Plus progress report on where they are being used, from New Hampshire, Britain and Australia! Just to let those who have been using the psalm tones that I have been steadily improving and adding and the latest version of the tones is up. Go to the Psalm Tones page on this blog!
Not only can any tone be used with any psalm which is pointed in the pointing system I have developed (which means if you know just one tone you can sing the whole psalter); but now I have worked out a system that allows you to distinguish systematically when a syllable can take more than one note. This allows for more complex tones, in addition to the previous simple ones which are still there, which just like the simple ones can be sung to any psalm if you know how to point it (and it takes five minutes to learn from. The most ornate in each mode is reserved for the singing of the gospel canticle. We are talking neums and melismas! If you don't know what any of these means, then put simply there are more twiddly bits.
Since I first start to post these up, things have developed. First Notre Dame University approached me and asked me to write a piece for their sacred music blog. When this appeared Adam Bartlett at the Chant Cafe decided to run it. As a result of that Monastic Musician, a British academic publication devoted to chant asked to reprint the article too. I have been contacted by one person who wanted to build a phone app that contained the tones. Perhaps most gratifyingly, I was contacted by a nun at a cloistered Carmelite convent in Australia. They were looking to sing the Office after reciting it for 40 years and wanted advice on how to introduce these tones into their liturgy.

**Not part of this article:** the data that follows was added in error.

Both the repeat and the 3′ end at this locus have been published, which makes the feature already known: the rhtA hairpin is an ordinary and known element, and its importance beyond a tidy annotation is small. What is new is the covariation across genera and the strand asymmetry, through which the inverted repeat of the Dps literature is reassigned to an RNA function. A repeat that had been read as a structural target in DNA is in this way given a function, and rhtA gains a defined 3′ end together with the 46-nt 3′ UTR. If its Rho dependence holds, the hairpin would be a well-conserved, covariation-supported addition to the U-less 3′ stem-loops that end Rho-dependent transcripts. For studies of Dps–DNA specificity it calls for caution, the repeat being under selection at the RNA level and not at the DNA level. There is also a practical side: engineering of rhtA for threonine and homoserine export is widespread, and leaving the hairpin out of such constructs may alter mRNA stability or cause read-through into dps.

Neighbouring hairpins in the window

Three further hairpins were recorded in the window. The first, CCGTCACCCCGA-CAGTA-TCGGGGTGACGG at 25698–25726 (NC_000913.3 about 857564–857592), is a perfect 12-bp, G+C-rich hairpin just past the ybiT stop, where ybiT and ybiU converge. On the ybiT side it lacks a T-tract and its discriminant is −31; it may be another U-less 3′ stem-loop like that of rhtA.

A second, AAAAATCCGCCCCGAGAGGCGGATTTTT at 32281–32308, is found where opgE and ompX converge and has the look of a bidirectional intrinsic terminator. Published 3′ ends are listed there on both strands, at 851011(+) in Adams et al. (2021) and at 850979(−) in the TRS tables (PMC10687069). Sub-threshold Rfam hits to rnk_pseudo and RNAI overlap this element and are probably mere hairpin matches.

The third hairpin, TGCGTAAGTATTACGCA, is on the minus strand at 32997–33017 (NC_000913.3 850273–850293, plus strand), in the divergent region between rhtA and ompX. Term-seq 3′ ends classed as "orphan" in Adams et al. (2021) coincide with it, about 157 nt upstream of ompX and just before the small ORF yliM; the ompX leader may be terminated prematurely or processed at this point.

This summer, the Knights of Columbus of New Hampshire approached me. They want to organise a statewide event at a mountain State Park in northern NH on Saturday, October 4th. The Bishop of Manchester, Bishop Lebasci will be present. I was asked if my friend, Dr Tom Larson and I would lead the Knights in singing Lauds in the vernacular using these psalm tones and the harmonized versions arranged by Paul Jernberg. One of the Knights had been coming to sing with us at the VA Hospital in Manchester, NH where we sing Vespers on alternate Mondays during the academic year.
So go to the page marked Psalm Tones and download the updated music, listen to the recordings and watch the video that teaches you how to point any text so that all these psalm tones will fit it. The more complex ones will need a bit of interpretative skill to make them sound really good, but I still think that this is something that can be picked up easily. If you want help then contact me...I will even sing down the phone to demonstrate!
Just to remind you, here is the article as it first appeared in the Chant Cafe......
I post it first as a pdf that you can download because the music scores will not be readable otherwise.
pdf here: English psalm tones for Chant Cafe